Developments that have supported a strong bounce in iron ore and continued gains in copper. Elsewhere, we are seeing hot and dry weather raising concerns across the agriculture sector while also raising demand for natural gas from power generators towards cooling. Despite continued demand worries, the energy sector is holding up – supported by Saudi Arabia’s unilateral production cut, rising refinery margins and the prospect for a tightening supply and demand outlook. Finally, the precious metal sector, currently very data dependent, remains confused by the lack of clarity regarding the short-term direction of US rates. Despite this, we are seeing signs that investors are remain positioned for higher prices later in the year.

Overall, the Bloomberg Commodity Index remains down 8% on the year with losses being led by the energy sector, not least a 56% slump in US natural gas, as well as industrial metals suffering from a so far, less commodity intensive post-pandemic recovery in China. Meanwhile, the agriculture sector trades close to flat on the year with losses in grains being offset by higher livestock prices and a massive 26% rally across the softs sector with sugar up 45% while Arabica coffee and cocoa both have rallied by more than 20%.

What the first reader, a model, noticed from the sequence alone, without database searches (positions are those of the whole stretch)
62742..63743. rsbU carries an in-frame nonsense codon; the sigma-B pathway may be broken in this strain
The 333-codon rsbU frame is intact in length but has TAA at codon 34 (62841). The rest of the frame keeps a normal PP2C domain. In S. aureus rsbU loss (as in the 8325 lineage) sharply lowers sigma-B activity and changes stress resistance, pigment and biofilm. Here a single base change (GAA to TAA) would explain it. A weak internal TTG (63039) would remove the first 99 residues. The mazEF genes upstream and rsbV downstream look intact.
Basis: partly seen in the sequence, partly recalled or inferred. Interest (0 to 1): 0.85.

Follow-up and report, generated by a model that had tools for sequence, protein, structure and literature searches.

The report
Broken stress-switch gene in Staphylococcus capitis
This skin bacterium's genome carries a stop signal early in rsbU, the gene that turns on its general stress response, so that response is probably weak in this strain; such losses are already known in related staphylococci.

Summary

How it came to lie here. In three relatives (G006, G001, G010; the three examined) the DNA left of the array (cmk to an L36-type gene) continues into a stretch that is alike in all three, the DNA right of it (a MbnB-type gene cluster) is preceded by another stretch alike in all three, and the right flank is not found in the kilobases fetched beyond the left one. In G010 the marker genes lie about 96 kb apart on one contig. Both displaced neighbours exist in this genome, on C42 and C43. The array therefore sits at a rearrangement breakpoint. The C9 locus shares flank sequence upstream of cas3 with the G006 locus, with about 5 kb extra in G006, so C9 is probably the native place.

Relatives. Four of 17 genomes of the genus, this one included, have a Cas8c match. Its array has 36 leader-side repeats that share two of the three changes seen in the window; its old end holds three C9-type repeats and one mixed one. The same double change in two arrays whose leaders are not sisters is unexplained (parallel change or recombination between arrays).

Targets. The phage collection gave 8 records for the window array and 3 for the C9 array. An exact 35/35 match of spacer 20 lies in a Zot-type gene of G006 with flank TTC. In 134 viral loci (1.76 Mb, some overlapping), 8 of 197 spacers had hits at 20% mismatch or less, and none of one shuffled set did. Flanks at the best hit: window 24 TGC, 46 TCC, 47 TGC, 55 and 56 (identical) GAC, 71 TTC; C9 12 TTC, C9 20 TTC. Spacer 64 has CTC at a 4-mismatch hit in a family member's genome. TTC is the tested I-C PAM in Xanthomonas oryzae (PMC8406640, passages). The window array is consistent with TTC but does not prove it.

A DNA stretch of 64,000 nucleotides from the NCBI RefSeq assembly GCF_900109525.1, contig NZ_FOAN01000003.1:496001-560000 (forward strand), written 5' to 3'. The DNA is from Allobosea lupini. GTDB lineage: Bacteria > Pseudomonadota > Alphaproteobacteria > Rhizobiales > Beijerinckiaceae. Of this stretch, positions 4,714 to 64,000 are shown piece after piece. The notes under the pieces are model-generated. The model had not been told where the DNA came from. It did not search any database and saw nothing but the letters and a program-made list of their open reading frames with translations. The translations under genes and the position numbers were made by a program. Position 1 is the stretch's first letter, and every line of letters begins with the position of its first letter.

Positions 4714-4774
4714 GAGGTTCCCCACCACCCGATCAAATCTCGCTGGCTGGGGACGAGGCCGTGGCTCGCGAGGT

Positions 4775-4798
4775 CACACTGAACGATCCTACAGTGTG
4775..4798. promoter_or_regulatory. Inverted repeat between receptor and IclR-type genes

The global economic outlook remains clouded by recession fears and doubts about the short-term direction of US rates, not least after central banks in Australia and Canada re-started their rate hike cycle this past week. In addition, a sputtering Chinese economic recovery being less commodity intensive than previous government supported growth sprints have also been weighing on prices. However, from the recent price performance seen across the different sectors we may have seen the first signs of markets starting to bottoming out with current price levels already pricing in some of the worst-case scenarios.